via @valaafshar, what happens when you toss a pot of boiling water in -25 degree air.

and via Bill Tozier, an intriguing question that’s gripped my brain since he asked it:

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And to finish off for the evening: Kate McKinnon opens SNL by singing Leonard Cohen’s “Hallelujah.” That broke me a bit in a lovely and haunting way.

The Explosive Trajectory of Technology

Jon Jeckell tweeted a Popular Mechanics piece showing what appeared to be a Ukrainian prototype shoulder-fired missile with a guidance system powered by the Raspberry Pi microcomputer. The inclusion of the Pi makes it a seeming next-step from the much shared image of Syrian rebels in Jobar in 2013 using an iPad to angle mortar fire. We are using our new off-the-shelf street-level tools to build the complex weapons systems out of most people’s reach for the past half-century or more.

Just as notable as the idea that it uses the hobbyist computer is that it’s apparently guided by sound, making it the first sound-homing ground-based weapon. This dovetails neatly with another trend I’ve been tracking and laid out a bit in The Renewed Importance of Sound – an exploration and exploitation of a much different sensory domain than we’re used to engaging with.

Mortars have been around since the 14th century or so – unsurprisingly (due to the history of gunpowder), first appearing in east/southeast Asia. It took 500 years to go from massive, unwieldy field artillery pieces to the compact Stokes trench mortar in the first World War that could be carried and crewed by a single soldier. Less than fifty years later, engineers successfully managed to link hardware and firing control computers in such a way that they could achieve MRSI or Multiple Round Simultaneous Impact, a devastating deployment of ordnance in which multiple weapons in different places fire in such a way that their rounds reach the target at the same time. With minimal human input, which seems to be the way our weapons trend.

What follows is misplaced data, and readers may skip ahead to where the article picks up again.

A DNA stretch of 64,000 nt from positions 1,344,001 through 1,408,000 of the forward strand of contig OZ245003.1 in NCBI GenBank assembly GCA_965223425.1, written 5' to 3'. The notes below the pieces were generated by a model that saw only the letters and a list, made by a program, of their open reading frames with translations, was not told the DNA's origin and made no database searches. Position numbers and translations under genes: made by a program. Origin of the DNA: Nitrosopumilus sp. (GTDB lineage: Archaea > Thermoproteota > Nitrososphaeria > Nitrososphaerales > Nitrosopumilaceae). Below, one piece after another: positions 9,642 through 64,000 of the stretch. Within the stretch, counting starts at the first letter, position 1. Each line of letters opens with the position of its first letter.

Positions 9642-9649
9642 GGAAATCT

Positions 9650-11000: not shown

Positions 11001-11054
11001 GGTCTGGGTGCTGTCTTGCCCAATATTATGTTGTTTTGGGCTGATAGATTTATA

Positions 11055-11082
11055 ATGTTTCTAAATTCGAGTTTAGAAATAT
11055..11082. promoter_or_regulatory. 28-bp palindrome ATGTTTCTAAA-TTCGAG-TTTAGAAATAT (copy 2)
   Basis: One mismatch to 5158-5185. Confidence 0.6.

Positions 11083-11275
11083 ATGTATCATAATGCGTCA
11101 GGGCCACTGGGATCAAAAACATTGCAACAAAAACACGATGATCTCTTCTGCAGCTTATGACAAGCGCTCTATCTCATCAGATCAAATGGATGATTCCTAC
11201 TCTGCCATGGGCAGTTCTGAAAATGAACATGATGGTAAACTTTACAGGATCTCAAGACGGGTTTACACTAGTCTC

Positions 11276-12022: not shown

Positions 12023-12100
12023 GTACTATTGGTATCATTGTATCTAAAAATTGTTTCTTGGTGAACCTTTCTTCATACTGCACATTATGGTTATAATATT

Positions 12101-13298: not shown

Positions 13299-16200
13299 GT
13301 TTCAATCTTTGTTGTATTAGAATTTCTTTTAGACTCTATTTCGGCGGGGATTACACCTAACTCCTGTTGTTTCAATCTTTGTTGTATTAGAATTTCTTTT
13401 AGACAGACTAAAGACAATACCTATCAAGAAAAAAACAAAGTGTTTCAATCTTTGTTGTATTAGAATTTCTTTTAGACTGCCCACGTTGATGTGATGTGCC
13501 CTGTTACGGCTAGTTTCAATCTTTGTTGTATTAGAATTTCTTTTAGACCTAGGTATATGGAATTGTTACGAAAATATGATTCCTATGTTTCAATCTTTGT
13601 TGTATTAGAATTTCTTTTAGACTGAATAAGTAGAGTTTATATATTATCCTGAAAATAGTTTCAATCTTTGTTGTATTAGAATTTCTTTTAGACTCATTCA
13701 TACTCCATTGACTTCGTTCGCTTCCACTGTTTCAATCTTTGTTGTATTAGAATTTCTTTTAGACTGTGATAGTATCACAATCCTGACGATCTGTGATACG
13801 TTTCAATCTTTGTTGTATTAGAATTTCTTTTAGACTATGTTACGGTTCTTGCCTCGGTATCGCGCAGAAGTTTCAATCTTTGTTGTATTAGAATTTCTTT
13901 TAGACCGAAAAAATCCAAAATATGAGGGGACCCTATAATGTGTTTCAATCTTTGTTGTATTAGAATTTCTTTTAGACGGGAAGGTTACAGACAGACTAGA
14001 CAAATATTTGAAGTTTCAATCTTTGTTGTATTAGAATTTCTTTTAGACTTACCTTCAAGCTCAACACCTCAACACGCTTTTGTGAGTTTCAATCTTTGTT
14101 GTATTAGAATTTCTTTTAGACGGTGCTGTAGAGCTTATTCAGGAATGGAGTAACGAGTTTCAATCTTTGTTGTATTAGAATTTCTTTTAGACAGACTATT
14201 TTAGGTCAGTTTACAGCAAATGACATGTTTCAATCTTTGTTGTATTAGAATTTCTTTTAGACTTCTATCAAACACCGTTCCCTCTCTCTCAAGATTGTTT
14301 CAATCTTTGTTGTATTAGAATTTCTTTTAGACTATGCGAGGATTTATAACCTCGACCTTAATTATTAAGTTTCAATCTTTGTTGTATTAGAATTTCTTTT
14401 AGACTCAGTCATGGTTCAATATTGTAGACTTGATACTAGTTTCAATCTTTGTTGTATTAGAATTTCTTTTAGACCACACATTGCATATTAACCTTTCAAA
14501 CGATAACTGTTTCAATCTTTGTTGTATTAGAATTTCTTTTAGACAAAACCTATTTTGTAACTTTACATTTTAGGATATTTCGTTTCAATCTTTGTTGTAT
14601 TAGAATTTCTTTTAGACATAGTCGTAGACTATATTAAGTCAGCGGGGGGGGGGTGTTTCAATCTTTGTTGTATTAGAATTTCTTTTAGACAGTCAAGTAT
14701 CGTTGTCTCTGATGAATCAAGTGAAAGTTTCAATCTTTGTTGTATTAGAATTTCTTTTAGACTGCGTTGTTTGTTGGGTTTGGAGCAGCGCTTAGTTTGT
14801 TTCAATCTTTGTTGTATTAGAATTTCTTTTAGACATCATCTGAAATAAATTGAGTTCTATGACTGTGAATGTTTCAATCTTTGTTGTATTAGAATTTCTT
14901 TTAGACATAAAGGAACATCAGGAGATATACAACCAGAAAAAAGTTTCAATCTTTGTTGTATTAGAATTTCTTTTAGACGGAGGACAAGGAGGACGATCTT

Shoulder-fired missiles have a similar line of development. Traced back to ancient Chinese arrows loaded with black powder and a fuse, they evolved then into multiply-crewed weapons systems that looked like a collection of tubes on a single wheel axle that could be fired in quick succession but not aimed particularly well. Fast forward roughly equivalent to the above and you get to the Panzerfaust of World War II and similar rocket-propelled weapons systems that were much more practical and stable, if not necessarily accurate. And again, in less than 10% of the time between the real inception of the weapon and its 20th century jump, the technology jumped again. As just one example, Britain developed the MBT-LAW shoulder-fired “fire and forget” system that tracks moving targets on its own, making autonomous corrections to its flight path and speed. Also consider MANPAD (man-portable air defense systems) like the Stinger missile.

At first glance the Jobar case and the Ukrainian prototype seem disconnected. After all, the former involves using the accelerometer of a separate, unlinked device whereas the missile integrates the technology. But consider the similar technological trajectories of the weapons systems and the fact that people without access to Pentagon engineers can now not only use computers to deliver ordnance accurately but can relatively easily link them similar to the MRSI concept explained above. Once an abstract concept, ballistic computers are now so natively and immediately understood that in the absence of them we appropriate our own, integrate them how we can, and deploy.

Security & Tech Briefs: Chrome, Trump, Smartwatches, Mac Exploit

Detectify Labs shared a clever way to deactivate security (or any) chrome plugins with a simple ping.

Donald Trump’s website was hacked, likely due to a CMS that hadn’t been patched in five years.

The insurance industry is concerned about smartwatches, the Internet of Things, big data and information security.

Ars Technica on a major 0day Mac exploit that’s already being seen in the wild.

Briefs: Women in Combat, NYSE, AI and Legal Work, OPM, Rothfuss

NYSE being vague about yesterday’s major trading glitch. I’m not convinced, but I’ve got no evidence to the otherwise.

Two lawyers talking about how artificial intelligence may affect legal work.

The Daily Beast on how OPM’s IT security department had no one with IT security experience.

The parody DPRK News twitter account ended up as a Fox News reference.

Excellent TED talk highlighting American women on the front lines in Afghanistan.

Of special note:

Author and all-around awesome person Patrick Rothfuss has started a new podcast with Max Temkin of Cards Against Humanity fame (or infamy). Really loved their first conversation – check it out here.

The Renewed Importance of Sound